Emma Stone has cemented her place among Hollywood’s bold and brightest after singing and dancing her way to the top
Just as you were falling into a slumber — content in the notion that there wasn’t much else to see as La La Land scooped the final and most prestigious Oscar of the night for Best Picture and the speeches rattled on — suddenly an interruption forced you wide awake as it was confirmed that Moonlight was the rightful owner of the Best Picture gong. It was indeed one of the most memorable Oscars in recent history but putting aside the awkwardness, the 89th Academy Awards, which was peppered with political gags from the beginning by host Jimmy Kimmel, ended with a rare moment of graciousness as the casts of both movies celebrated together on stage. And no one was more graceful than the Best Actress Oscar winner, Emma Stone. We sat down with Stone to share in her glory and hear about her upcoming movie, Battle of the Sexes, where she stars as tennis champion Billie Jean King.
Was it difficult to enjoy your Best Actress Oscar when they changed the Best Picture from La La Land to Moonlight?
God, I love Moonlight so much. I was so excited for Moonlight. And of course, you know, it was an amazing thing to hear La La Land. I think we all would have loved to win Best Picture, but we are so excited for Moonlight. I think it’s one of the best films of all time. So I was pretty beside myself.
What do you think happened? Warren Beatty said that he was given your envelope, with your name as Best Leading Actress instead of the Best Picture…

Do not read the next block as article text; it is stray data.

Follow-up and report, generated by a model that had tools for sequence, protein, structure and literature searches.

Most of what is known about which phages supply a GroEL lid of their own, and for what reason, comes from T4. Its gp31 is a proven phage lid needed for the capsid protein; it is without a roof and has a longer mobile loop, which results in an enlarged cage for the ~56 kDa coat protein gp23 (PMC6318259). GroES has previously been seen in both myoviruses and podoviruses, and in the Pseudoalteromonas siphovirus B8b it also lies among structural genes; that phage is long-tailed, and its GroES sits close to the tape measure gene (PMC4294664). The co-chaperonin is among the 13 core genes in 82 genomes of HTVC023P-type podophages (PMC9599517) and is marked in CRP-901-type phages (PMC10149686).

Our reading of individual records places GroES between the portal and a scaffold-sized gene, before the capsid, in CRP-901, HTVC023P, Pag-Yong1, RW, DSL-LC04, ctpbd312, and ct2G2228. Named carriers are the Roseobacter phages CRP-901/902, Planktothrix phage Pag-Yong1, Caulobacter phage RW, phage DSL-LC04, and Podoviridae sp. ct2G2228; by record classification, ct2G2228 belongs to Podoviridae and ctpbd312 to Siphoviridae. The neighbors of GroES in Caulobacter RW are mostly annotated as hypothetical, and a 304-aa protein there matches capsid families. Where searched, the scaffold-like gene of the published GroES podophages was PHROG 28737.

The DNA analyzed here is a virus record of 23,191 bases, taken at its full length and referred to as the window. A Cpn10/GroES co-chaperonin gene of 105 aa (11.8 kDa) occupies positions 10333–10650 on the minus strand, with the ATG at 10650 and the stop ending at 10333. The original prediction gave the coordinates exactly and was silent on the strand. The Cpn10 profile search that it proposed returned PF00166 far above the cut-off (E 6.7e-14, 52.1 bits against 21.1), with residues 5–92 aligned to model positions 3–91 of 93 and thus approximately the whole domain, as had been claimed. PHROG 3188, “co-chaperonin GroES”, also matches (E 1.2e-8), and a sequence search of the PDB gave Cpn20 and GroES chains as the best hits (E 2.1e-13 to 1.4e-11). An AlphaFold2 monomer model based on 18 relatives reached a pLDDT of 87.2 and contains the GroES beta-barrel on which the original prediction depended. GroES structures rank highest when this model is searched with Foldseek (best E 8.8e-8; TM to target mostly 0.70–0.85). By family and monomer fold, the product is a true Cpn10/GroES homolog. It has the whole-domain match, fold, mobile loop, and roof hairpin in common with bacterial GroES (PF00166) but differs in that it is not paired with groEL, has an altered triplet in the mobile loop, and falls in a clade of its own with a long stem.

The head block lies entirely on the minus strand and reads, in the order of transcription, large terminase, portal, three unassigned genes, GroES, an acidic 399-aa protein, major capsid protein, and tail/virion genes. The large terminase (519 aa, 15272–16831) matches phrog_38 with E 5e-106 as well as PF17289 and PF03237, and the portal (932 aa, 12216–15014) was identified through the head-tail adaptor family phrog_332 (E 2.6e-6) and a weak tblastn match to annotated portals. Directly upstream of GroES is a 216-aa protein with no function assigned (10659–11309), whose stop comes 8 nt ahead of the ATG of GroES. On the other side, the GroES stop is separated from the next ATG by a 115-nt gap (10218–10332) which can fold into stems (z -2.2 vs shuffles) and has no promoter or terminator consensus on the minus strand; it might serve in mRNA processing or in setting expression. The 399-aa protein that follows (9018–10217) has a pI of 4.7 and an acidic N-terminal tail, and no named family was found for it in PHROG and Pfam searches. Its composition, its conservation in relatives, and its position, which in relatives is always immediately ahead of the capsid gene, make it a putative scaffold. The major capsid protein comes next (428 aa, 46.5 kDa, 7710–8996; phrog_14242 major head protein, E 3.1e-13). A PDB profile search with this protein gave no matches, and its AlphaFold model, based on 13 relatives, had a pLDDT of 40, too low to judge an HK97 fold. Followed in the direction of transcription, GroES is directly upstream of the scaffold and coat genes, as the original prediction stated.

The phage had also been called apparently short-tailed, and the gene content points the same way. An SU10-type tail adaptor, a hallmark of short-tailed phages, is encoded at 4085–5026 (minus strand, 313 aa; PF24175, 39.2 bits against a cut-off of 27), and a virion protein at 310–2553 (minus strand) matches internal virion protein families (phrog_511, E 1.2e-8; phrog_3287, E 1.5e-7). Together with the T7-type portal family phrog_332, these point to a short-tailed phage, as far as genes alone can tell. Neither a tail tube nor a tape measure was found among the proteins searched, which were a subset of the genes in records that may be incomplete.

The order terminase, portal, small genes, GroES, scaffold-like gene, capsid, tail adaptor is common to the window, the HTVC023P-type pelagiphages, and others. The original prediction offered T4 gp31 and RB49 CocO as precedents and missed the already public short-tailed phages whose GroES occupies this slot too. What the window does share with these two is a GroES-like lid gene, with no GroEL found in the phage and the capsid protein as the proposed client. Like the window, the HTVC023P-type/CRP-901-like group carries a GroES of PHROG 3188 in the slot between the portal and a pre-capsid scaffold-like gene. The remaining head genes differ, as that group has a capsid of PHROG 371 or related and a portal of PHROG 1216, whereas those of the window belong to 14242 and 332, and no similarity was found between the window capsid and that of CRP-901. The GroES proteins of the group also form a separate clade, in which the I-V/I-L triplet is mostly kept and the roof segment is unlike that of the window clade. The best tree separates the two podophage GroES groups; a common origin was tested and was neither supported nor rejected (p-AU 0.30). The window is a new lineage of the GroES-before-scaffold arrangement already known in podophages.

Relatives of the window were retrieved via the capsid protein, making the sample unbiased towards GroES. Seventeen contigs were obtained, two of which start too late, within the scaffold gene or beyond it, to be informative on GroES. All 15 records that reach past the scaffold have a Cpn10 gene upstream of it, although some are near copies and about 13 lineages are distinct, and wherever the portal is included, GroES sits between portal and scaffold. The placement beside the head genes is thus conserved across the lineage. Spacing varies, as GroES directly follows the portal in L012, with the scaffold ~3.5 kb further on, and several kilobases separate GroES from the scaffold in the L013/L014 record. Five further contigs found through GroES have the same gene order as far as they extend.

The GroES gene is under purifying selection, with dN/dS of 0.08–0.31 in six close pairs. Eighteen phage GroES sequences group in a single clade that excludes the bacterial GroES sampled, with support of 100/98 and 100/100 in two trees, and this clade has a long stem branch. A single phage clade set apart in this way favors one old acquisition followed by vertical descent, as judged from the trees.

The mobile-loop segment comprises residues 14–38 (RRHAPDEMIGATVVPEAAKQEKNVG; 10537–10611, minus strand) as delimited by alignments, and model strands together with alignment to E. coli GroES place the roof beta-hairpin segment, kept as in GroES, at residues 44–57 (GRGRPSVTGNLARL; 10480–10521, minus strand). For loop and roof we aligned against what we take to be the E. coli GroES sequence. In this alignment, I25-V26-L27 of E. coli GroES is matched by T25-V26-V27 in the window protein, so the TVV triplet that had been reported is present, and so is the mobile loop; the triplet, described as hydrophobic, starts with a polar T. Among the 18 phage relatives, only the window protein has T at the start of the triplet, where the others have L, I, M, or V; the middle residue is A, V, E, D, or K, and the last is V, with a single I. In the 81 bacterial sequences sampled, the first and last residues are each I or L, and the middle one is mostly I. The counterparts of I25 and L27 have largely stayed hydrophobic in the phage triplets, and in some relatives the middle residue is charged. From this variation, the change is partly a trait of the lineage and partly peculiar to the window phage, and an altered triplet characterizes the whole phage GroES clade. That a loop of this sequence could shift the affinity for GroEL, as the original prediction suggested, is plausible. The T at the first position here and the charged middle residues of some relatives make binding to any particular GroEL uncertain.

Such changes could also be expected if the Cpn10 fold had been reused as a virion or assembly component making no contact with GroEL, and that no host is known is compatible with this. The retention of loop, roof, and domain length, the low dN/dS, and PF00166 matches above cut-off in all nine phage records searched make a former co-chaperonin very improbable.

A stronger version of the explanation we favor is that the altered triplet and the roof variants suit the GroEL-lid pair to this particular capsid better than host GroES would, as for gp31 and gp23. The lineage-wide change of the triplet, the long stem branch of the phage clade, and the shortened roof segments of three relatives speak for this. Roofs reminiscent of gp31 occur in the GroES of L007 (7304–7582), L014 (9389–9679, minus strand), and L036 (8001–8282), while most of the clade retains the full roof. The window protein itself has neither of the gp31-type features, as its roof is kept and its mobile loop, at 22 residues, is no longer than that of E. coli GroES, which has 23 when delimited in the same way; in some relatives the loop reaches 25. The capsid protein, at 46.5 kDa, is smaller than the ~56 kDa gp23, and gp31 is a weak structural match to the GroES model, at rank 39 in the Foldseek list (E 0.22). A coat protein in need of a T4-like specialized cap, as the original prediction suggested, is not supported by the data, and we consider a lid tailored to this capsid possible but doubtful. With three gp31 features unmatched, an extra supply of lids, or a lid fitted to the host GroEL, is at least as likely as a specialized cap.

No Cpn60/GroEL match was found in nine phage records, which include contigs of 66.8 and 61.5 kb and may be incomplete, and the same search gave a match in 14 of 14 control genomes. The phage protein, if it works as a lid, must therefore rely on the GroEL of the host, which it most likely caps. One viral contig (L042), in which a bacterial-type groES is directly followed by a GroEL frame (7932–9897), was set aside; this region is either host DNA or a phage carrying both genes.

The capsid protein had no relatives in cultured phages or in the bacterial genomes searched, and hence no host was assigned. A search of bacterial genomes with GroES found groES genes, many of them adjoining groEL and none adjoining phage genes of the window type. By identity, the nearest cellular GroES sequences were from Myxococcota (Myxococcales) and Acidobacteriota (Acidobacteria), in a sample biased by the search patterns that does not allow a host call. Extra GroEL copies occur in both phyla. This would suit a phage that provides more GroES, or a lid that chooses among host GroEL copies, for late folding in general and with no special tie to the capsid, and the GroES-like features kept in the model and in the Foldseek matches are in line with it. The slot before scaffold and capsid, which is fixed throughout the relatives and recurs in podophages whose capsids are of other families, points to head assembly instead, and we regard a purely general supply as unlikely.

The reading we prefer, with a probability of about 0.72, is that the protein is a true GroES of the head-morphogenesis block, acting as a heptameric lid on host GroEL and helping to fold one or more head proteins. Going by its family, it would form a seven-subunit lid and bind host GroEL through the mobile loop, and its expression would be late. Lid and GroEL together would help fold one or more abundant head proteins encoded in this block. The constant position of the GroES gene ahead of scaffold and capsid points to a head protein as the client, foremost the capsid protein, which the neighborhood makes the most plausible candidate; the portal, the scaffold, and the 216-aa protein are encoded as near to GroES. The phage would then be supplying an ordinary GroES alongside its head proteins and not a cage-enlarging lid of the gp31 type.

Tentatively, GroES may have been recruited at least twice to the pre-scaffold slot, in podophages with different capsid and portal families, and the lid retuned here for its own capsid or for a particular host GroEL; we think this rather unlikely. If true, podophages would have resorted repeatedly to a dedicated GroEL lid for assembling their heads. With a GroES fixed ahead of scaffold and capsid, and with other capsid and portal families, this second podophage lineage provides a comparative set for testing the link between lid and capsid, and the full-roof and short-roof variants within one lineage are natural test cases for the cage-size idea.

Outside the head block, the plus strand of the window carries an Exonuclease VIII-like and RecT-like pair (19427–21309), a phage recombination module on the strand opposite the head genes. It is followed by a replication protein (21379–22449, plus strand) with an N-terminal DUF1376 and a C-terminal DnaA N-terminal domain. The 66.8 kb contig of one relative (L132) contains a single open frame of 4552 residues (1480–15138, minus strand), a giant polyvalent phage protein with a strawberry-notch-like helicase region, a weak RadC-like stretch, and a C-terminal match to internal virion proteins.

I also was holding my Best Actress in a Leading Role card that entire time. The truth is that there is always two sets of envelopes, one on each side of the stage, and they come to the Dolby Theatre with two different people who take two different routes to avoid any problems. Nobody thought a problem like this could have happened.
What was the biggest challenge for you in La La Land? What part of the work and dedication do you think deserved an Oscar?
I would say ballroom dancing was the hardest for me because I have a weird pinched nerve on my left side and the way you have to hold yourself up for ballroom dancing, I just had shooting pains through my eyes every time we were doing ballroom dancing so that was what made it hard for me. Dancing was definitely trickier than I thought it would be because I grew up dancing. I’ve taken tap classes and then when you’re actually tap dancing on a hill on Griffith Park in one take, you’re like “Ok, I’m not a great tap dancer.” But it’s fun.
Damien [Chazelle] in La La Land refers to a dreamer who has her head stuck in the clouds. Were you a dreamer growing up?
Yes. I was definitely a dreamer when I was young. I spent a lot of time in my bedroom fantasising about what stories I wanted to tell.
So, do you relate a lot with your character in the movie La La Land?
Yes, she’s from Boulder City, Nevada. And being from Phoenix, Arizona, I can relate to that part of the world and coming to LA. Obviously, I was a lot younger when I came over. She is an aspiring actress, her name is Mia, she left college after two years to come out and start auditioning. Her aunt who passed away was an actress in a traveling theatre company and was the black sheep of the family and Mia always thought she understood her and would do plays in her bedroom. And in the story, she’s been auditioning for about six years. It hasn’t been really working out and she’s kind of at the cusp of deciding whether this is something she should continue pursuing or if she should be changing her dreams.
How have your dreams changed?